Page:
‘Painting a Western musical score with Chinese ink’
Exploring Chinese cultural concepts and sonorities to develop a cross-cultural performance
This research paper is an outcome of my ongoing Ph.D. project in which I intend to create a performance whose scenic dimension is explored to suggest a pre-reflective, embodied and interactive layer of awareness of Macao's mystical atmosphere to the audience. The performance will comprise the piano solo works of Áureo Castro, a Portuguese composer who lived in the 20th century in Macao and was an enthusiastic of Chinese music. His “Chinese Style” piano works merge Western composition techniques with melodies and rhythms inspired by Chinese folk music, thus revealing traces of Sino-Western interculturality.
This paper addresses the second piano sonata of Áureo Castro and describes how performative choices are explored having as reference Chinese culture concepts and Chinese instrumental sonorities and gestures. These choices most likely are influenced by the performer´s imagery and poetic narrative from her own living experiences in Macao.
Concepts such as non-sound, virtues, Chinese metaphors and musical gestures were experimented in order to create a compelling musical narrative. Moreover, piano playing and affordances were explored not only emulating and integrating the gestures and sonorities of traditional Chinese instrumentalists but also experimenting accordingly with musical parameters such as agogic, meter and phrasing to create sonorities that resemble or were inspired by Chinese music.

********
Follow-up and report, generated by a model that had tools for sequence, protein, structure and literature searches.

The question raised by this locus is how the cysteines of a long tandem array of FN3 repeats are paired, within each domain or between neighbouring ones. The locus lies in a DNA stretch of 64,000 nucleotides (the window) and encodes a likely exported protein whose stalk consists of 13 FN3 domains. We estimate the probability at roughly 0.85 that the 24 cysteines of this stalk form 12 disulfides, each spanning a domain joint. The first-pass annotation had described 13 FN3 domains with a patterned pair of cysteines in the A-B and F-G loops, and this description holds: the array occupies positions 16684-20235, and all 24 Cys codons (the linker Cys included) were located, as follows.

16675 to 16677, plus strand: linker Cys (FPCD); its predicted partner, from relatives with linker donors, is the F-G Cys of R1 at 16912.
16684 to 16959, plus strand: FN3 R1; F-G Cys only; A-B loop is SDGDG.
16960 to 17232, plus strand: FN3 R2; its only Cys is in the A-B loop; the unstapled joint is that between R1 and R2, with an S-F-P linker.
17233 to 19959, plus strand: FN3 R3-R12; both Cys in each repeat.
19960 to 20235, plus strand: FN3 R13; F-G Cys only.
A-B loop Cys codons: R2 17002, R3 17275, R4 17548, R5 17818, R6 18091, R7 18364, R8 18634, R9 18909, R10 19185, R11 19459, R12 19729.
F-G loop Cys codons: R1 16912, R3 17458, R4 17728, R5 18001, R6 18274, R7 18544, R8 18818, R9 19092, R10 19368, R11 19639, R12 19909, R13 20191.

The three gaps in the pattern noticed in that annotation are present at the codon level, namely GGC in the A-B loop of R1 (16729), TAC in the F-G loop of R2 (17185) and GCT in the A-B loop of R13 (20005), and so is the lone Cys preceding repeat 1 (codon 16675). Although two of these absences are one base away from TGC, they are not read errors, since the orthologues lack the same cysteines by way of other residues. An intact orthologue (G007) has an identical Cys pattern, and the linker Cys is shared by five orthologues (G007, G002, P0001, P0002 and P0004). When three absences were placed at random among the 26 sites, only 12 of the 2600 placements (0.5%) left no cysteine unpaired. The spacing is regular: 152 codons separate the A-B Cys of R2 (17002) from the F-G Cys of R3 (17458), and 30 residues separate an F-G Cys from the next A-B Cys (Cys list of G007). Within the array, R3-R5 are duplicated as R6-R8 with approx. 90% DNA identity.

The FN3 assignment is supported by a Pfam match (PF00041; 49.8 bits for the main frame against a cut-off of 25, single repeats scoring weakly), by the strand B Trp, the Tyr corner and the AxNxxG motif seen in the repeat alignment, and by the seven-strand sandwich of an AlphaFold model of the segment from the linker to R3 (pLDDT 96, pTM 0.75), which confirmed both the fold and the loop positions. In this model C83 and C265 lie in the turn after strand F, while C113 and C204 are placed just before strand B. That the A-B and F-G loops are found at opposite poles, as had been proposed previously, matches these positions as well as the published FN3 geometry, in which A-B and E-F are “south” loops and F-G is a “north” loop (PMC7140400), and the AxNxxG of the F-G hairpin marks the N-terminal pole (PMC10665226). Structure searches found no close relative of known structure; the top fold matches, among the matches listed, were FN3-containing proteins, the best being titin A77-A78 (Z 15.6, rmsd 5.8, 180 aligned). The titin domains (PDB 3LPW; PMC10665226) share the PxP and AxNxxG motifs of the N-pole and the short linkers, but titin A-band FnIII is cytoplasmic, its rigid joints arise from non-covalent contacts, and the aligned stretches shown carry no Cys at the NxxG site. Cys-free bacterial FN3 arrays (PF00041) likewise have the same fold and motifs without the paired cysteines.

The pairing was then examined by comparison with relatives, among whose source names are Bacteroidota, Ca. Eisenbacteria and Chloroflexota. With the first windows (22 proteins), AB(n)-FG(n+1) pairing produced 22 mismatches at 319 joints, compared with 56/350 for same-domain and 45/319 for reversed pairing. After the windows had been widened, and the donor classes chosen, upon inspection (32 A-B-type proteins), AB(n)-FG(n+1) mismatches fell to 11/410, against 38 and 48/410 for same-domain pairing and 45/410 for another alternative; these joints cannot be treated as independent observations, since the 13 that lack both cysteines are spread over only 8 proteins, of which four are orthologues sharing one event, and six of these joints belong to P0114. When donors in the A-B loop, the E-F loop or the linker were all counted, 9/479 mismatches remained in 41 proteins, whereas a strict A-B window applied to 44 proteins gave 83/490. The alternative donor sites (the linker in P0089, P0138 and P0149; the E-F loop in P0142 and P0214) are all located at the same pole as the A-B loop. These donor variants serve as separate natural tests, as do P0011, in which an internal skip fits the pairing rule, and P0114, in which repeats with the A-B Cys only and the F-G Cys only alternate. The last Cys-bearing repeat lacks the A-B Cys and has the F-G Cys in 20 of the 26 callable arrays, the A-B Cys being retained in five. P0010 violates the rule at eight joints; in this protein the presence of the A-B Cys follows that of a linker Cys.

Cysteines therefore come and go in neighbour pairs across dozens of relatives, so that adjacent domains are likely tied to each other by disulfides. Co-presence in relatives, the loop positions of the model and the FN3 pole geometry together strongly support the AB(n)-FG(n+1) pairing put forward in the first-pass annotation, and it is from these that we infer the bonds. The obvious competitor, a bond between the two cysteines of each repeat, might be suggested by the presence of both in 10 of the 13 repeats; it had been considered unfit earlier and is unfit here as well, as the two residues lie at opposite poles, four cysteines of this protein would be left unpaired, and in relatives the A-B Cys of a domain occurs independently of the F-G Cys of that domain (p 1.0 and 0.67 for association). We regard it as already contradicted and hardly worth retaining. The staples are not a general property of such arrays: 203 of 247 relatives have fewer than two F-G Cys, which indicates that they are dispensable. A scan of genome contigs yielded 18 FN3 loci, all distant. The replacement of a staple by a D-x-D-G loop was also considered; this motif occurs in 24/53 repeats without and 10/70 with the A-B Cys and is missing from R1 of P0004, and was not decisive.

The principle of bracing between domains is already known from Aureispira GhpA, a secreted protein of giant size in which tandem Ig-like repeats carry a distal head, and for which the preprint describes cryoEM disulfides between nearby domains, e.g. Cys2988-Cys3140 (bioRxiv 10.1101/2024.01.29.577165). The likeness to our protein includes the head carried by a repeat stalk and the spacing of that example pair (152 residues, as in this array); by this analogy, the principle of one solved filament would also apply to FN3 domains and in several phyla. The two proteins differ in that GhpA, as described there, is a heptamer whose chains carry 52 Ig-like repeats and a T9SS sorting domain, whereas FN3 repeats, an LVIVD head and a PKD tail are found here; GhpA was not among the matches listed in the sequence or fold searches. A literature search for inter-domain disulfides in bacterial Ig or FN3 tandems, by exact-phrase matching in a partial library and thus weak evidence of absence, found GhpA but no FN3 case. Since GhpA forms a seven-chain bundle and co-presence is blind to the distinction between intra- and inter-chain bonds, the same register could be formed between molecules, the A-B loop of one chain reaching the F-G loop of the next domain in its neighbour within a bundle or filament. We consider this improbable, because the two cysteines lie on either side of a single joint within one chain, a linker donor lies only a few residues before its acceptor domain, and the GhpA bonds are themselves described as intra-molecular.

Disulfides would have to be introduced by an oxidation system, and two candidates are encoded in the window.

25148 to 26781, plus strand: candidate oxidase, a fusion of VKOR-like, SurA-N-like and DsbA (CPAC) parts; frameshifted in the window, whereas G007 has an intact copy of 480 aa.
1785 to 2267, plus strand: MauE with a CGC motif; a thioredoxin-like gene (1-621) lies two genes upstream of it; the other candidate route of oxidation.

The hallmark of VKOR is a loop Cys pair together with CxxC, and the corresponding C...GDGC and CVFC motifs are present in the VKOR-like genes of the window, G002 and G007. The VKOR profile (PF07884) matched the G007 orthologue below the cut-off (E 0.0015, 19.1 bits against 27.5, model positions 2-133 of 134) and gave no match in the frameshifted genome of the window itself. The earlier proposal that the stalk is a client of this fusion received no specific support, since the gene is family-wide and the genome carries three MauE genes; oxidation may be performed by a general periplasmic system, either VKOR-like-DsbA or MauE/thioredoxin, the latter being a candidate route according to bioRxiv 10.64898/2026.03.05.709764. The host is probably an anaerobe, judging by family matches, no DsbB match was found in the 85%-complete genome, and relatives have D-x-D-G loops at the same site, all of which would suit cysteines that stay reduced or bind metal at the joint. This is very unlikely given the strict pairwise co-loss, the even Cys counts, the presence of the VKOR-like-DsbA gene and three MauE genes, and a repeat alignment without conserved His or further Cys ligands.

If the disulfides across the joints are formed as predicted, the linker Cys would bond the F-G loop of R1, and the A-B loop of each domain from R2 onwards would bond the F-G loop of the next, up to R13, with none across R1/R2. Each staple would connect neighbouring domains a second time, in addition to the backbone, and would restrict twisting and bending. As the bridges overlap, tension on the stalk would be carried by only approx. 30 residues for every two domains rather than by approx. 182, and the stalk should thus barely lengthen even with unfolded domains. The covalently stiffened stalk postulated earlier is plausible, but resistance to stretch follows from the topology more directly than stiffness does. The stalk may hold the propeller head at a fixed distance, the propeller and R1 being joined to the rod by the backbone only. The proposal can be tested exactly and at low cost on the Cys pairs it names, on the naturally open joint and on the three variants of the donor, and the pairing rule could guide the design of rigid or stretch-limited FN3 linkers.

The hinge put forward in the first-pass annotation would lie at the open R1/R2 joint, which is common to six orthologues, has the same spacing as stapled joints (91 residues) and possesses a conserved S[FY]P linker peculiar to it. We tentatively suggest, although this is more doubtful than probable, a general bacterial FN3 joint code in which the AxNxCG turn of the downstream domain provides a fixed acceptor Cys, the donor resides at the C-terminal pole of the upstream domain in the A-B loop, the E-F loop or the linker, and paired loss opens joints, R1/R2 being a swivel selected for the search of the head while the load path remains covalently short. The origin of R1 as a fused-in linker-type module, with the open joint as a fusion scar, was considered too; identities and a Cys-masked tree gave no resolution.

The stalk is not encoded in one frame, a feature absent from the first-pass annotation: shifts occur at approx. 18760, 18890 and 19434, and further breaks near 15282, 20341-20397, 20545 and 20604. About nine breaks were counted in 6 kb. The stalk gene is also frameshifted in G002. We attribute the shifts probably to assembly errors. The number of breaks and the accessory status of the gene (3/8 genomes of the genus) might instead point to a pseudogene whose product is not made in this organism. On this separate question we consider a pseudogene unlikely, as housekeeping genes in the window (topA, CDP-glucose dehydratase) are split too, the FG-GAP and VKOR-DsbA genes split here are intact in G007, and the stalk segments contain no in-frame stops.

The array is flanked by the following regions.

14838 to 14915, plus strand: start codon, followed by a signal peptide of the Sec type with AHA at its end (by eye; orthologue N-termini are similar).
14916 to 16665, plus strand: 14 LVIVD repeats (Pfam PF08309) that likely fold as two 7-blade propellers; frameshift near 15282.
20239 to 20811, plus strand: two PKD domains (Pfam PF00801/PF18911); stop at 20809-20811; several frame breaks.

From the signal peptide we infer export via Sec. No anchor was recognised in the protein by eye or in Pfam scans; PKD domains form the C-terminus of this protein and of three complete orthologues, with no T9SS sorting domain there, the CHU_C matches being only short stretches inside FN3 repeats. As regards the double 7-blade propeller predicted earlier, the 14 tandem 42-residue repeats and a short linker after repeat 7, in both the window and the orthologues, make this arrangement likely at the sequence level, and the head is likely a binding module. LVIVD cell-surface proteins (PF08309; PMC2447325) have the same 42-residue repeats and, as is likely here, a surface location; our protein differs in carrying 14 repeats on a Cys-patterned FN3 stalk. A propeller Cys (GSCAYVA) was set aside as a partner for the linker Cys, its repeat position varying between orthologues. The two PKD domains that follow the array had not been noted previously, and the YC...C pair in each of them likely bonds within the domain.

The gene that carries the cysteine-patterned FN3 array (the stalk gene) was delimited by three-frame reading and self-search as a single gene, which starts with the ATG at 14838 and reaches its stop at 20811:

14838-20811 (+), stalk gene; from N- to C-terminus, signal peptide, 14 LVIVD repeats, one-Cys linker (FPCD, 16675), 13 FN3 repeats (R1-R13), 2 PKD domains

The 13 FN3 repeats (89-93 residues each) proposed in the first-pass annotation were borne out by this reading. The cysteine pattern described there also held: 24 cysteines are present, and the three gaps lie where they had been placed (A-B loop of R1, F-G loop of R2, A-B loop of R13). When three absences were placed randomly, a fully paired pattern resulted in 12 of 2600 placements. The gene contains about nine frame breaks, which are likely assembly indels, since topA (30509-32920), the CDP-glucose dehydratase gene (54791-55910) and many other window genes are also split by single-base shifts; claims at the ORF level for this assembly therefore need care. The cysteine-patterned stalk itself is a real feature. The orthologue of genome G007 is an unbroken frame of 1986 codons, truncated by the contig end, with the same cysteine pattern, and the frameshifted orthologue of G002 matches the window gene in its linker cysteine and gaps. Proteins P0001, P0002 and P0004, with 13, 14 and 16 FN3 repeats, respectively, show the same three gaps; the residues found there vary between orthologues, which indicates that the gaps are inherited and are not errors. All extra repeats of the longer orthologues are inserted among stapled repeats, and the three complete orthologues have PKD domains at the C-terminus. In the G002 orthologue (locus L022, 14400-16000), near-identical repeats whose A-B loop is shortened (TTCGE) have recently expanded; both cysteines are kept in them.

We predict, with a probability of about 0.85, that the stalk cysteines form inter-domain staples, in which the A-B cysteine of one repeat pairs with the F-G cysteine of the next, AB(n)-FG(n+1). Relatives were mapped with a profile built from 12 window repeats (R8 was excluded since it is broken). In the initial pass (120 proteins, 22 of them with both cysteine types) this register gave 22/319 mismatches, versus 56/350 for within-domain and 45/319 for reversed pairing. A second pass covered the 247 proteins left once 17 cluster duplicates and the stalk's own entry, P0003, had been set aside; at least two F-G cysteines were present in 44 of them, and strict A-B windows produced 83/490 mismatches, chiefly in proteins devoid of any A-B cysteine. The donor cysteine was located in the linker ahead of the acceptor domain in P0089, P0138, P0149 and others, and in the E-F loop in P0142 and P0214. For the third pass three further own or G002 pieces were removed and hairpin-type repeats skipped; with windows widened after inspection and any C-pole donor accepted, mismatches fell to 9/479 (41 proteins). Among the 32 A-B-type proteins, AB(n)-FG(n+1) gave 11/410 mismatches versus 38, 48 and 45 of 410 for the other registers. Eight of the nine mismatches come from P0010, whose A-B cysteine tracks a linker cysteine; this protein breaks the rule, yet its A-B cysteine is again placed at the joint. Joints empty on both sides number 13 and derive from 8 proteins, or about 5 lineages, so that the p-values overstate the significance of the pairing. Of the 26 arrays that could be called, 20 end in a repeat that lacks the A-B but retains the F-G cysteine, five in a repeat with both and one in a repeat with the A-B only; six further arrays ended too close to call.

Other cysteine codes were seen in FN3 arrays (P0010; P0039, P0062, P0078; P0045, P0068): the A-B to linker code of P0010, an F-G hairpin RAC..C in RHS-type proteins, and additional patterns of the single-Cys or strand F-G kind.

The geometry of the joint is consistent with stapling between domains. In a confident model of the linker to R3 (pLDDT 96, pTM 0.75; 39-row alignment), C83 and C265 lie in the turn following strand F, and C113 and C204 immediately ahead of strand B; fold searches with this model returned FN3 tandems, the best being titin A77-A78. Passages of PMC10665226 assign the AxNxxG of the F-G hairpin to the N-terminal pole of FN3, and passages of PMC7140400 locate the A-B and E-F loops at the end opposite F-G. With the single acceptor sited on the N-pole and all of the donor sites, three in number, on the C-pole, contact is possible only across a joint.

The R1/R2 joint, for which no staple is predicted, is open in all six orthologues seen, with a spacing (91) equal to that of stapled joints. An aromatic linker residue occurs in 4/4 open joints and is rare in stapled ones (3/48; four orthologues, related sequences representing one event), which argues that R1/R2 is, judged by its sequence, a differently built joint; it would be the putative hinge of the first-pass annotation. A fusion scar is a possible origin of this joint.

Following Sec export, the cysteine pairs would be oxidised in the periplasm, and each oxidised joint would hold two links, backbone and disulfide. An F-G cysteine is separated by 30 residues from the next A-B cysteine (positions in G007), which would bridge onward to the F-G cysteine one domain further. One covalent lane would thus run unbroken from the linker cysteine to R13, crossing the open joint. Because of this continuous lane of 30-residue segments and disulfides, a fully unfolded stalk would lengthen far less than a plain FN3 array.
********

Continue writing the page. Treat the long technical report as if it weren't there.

From my perspective as performer, a conventional interpretation of piano works (i.e. one that follows traditional Western performance practices) would fail to be representative of Áureo Castro’s intentions as a composer who had a fondness for Chinese music and aimed to express feelings concerning the exotic atmosphere of Macao and its communities, but would miss as well to explore essential affordances of this music. As revealed by Áureo Castro about one of his most prominent compositions – “Macao Scenes” – the composer seeks to express the music as a “painting with ink that breathes Chinese atmosphere”.
I hope this paper contributes for a better understanding on how exploring performative practices can enrich approaches and perspectives to cross-cultural music works and to contribute to the development of intercultural artistic research in the domain of music performance, where intercultural exchanges and hybridization are, on one hand, increasing and continuously reassessing cultural identities and, on other hand, have the potential to inspire future artistic works.
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